Giant Crack In Earth In Mexico Has Locals On Edge


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A giant crack in the earth in Mexico has raised numerous questions and concerns. The crack was recently spotted on a piece of remote farmland.

Scientists are wondering what could have caused the crack and many people are theorizing that it could have been caused by an earthquake along the San Andreas Fault. They are worried that a strong earthquake could hit the region soon.

Other scientists believe that the crack may have been caused by the collapse of land on an underground stream.

The crack has caused a lot of problems for locals and many of the farmhands that work the land have been forced to go out of their way to get around the crack and avoid the unstable ground around it.

A second crack has also reportedly opened up nearby.

The crack has many locals worried that a large earthquake could strike the area soon.

Geologists at the University of Sonora are currently investigating the crack to determine what caused it. The investigators found that farmers had built up a levee to contain rainwater which had begun to leak, causing an underground stream which undermined the earth above it until it collapsed.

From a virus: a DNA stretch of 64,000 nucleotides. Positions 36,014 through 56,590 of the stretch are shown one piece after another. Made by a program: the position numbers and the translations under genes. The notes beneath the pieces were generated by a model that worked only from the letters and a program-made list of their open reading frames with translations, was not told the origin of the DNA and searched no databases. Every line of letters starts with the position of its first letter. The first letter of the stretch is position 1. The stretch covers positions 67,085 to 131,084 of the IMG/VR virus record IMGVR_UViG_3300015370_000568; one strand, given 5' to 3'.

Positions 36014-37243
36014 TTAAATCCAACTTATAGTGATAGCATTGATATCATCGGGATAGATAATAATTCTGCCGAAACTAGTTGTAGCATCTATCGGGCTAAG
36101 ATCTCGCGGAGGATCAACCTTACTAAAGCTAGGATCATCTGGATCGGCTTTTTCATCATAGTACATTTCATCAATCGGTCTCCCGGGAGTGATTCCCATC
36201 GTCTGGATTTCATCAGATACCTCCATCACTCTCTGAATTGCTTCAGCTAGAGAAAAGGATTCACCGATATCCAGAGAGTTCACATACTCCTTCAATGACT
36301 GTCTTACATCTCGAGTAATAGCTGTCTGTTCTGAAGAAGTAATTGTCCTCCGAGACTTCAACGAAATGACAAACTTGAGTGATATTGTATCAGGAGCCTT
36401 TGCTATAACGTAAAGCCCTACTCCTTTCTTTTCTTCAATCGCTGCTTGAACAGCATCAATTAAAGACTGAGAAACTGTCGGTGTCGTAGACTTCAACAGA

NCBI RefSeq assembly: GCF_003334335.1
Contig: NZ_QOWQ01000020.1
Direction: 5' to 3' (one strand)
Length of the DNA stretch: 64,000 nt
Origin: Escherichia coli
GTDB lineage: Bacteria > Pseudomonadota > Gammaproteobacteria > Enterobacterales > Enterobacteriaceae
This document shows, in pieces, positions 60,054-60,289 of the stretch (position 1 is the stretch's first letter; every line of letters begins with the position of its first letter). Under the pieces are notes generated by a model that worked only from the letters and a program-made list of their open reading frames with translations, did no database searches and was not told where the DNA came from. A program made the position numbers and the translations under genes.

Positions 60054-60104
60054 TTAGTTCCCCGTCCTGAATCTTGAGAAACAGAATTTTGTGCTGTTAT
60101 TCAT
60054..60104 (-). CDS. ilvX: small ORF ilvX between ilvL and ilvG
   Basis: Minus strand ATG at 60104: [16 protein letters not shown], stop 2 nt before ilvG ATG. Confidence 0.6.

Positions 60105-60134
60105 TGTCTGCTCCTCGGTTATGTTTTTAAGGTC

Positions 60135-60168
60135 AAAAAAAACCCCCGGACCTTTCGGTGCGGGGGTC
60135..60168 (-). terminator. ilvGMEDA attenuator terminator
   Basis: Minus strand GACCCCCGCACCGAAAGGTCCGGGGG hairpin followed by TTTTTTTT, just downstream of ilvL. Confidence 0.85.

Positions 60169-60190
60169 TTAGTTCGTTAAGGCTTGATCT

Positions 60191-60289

They are still trying to determine if the crack is a result of this stream or if it could really be a sign of an impending earthquake.

Experts are assuring the locals and everyone else worried about the crack, that it is not cause for alarm and that the crack is not likely a sign of an earthquake.

"It's definitely not a cause for alarm for the population," Martín Valencia Moreno, the head of the National Autonomous University of Mexico's Regional Station of the Geological Institute, said. "It's more something sensationalist and people like to encourage that sort of thing."

"When a fault is generated the levels generally move and here we see people walking on both sides of the trench, the two levels are still in place, one side isn't raised and the other hasn't sunk either," he added.

What do you think caused the crack?